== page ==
design is using experimental results from bench-scale

problems in the initial stages of the design, and then

using computer-aided simulation tools for scale-up

and operability issues.

Possible proRtable applications of reactive distillation processes are numerous. However, an incomplete understanding of the interactions of the many

nonlinear phenomena such as chemical reaction,

phase equilibrium, mass transfer and countercurrent

Sow has prevented the widespread use of such processes. Considerable research effort in the area is

currently being conducted.

Petroleum Distillation

of the large number of components of the mixture

and large scale of the processes. This type of distillation involves products that are not easily identiRable

components. Instead, separation is achieved in terms

of pseudo-components, which are generally characterized in terms of their true boiling point ranges

(TBP), an average relative molecular mass and an API

gravity. TBP data are widely available and are generally presented in form of curves.

There are two main approaches to the design of

petroleum distillation columns. The Rrst consists of

the solution of mass and energy balances based on

empirical correlations, and is basically a calculation

by hand. This approach was developed by Packie.

In the second approach, each pseudo-component is

characterized for properties (such as vapour pressure

and enthalpy) by using homologous-series approaches. Thus, rigorous mass and energy balances

can then be applied to determine the separation in

1078

programs following this approach have been developed.

composition of the liquid.

Mass Transfer Rates

Packed Columns

Several approaches exist for the design of packed

columns. These are based on the concepts of number

of transfer units (NTU), height of transfer units

(HTU) and height equivalent to a theoretical plate

(HETP). The last of these concepts is the most widely

used.

Since methods for the design of staged distillation

columns are well developed, a common approach is

to calculate the number of trays N using such approaches and then to Rnd the height of the packed

column, h, by the relation:

h"N ) HETP

[18]

value of the HETP. One of most commonly used is

the Sherwood correlation. It can be expected that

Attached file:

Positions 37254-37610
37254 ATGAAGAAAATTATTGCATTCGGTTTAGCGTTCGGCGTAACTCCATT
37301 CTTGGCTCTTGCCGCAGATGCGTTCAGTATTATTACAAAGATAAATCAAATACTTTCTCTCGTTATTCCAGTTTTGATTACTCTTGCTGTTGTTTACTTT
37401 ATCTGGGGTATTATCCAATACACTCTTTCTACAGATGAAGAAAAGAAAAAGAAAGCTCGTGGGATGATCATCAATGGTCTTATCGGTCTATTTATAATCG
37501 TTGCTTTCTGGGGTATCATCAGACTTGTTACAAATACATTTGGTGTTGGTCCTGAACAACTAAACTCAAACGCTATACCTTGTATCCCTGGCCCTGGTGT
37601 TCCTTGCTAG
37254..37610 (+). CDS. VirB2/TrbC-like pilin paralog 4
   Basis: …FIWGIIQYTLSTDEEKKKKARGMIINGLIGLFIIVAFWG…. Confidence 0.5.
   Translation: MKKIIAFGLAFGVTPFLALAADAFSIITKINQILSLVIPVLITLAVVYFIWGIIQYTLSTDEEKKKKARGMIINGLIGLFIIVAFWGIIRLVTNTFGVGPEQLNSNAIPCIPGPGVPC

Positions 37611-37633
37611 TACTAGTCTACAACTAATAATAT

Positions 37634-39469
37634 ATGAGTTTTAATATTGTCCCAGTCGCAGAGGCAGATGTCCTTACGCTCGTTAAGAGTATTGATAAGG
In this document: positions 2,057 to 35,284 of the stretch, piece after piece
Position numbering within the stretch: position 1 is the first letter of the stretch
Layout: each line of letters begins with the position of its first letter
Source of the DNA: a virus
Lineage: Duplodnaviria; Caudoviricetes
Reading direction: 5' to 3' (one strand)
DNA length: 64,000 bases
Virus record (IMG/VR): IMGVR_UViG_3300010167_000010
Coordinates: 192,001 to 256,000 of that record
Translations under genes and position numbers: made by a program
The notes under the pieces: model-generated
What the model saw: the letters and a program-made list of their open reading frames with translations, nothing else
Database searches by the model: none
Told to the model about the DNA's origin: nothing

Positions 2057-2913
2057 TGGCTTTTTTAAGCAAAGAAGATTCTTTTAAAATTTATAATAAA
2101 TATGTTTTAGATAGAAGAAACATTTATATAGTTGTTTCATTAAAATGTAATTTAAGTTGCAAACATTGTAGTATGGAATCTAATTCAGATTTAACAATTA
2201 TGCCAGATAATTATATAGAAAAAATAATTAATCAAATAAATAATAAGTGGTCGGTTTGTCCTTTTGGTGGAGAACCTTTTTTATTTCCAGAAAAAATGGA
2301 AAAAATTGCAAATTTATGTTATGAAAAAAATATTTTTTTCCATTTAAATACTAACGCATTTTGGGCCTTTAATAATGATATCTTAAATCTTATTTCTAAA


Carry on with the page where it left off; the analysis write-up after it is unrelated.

HETP will change with respect to the operating conditions, physical properties of the liquid, etc., so, it is

calculated in terms of correlations containing many

factors.

Nonequilibrium Distillation

All the mathematical methods (binary, rigorous,

shortcut) presented earlier assume that each stage in

the column is an equilibrium stage. In reality, however, this assumption is rarely satisRed.

scale-up are difRcult and unreliable. For highly

nonideal, polar and reactive systems, a transport phenomena approach for predicting mass transfer rates is

preferred. Such mass transfer rates are calculated

continuously along the column similarly to the HETP

calculation for packed columns.

Nonequilibrium models for the calculation of mass

transfer rates assume that, while the bulk vapour and

liquid phase are not in equilibrium with each other,

there is an equilibrium at the interface. Hence,

the net loss or gain for a component at the interface

is expressed in a rate form. For instance, the net

gain by the vapour because of the transfer at the

interface is:

NVij "Nvij ) daj

0

[21]

point through the interface and daj is the interface

area through which the Sux passes. The mass transfer

rates for liquid and vapour, NVij and NLij , are dependent

on the mass transfer coefRcients for each phase. There

exist several correlations for the heat and mass transfer coefRcients and these are dependent on the compositions in the bulk phase, the temperatures in the

bulk phase and interface, and on the packing or tray

geometries.

Industrial Applications

Stage Ef\ciency

use of the concept of stage efRciency. The most common approach is to modify the rigorous methods with

the introduction of the so-called Murphree

efRciency in the calculations. The Murphree efRciency in a stage calculation can be deRned as:

xout,i!xin,i

ELMi"

xi !xin,i

[19]

yout,i!xin,i

EVMi"

yi !yin,i

[20]

that would be in equilibrium with the outlet composition of the vapour. yi are the compositions of the

technique in the petroleum, natural gas and chemical

industries so, applications of multicomponent distillation are numerous. A couple of industrial applications are described in this section.

Primary Distillation of Crude Oil

oil unit includes two main columns, an atmospheric

tower and a vacuum tower (see Figure 6). In the

atmospheric tower, crude oil is rectiRed (at a pressure

no greater than 275.8 kPa (40 psi); to yield a distillate

product containing light hydrocarbon gas, light and

heavy naphtha, kerosene, diesel oil, and a bottom

product of heavier components (TBP greater than

4203C). Each of the side streams of the atmospheric

tower are sent to side strippers that have a partial

reboiler or steam stripper. The side stream strippers

serve to remove the light components. Stripping by

1079

tower.

The bottom product of the atmospheric tower is

further separated by rectiRcation in the vacuum

tower. The feed-tray pressure of a vacuum tower is

usually 6 kPa (45 Torr). Vacuum towers are mainly

designed to obtain heavy distillates such as gas oil,

bottom product.

The pump-around systems shown in both of the

towers serve to make much larger liquid Sows on the

intermediate stages and produce a net increase in

liquid Sow. This serves as a point of control to keep

the plates from running dry.

1080

design of fractionators that process petroleum are

commercially available through computer programs.

The program REFINE of the ChemShare Corporation and the PROCESS (now PRO-II) program of

Simulation Sciences Inc. are two examples.

Ethylene and Propylene Production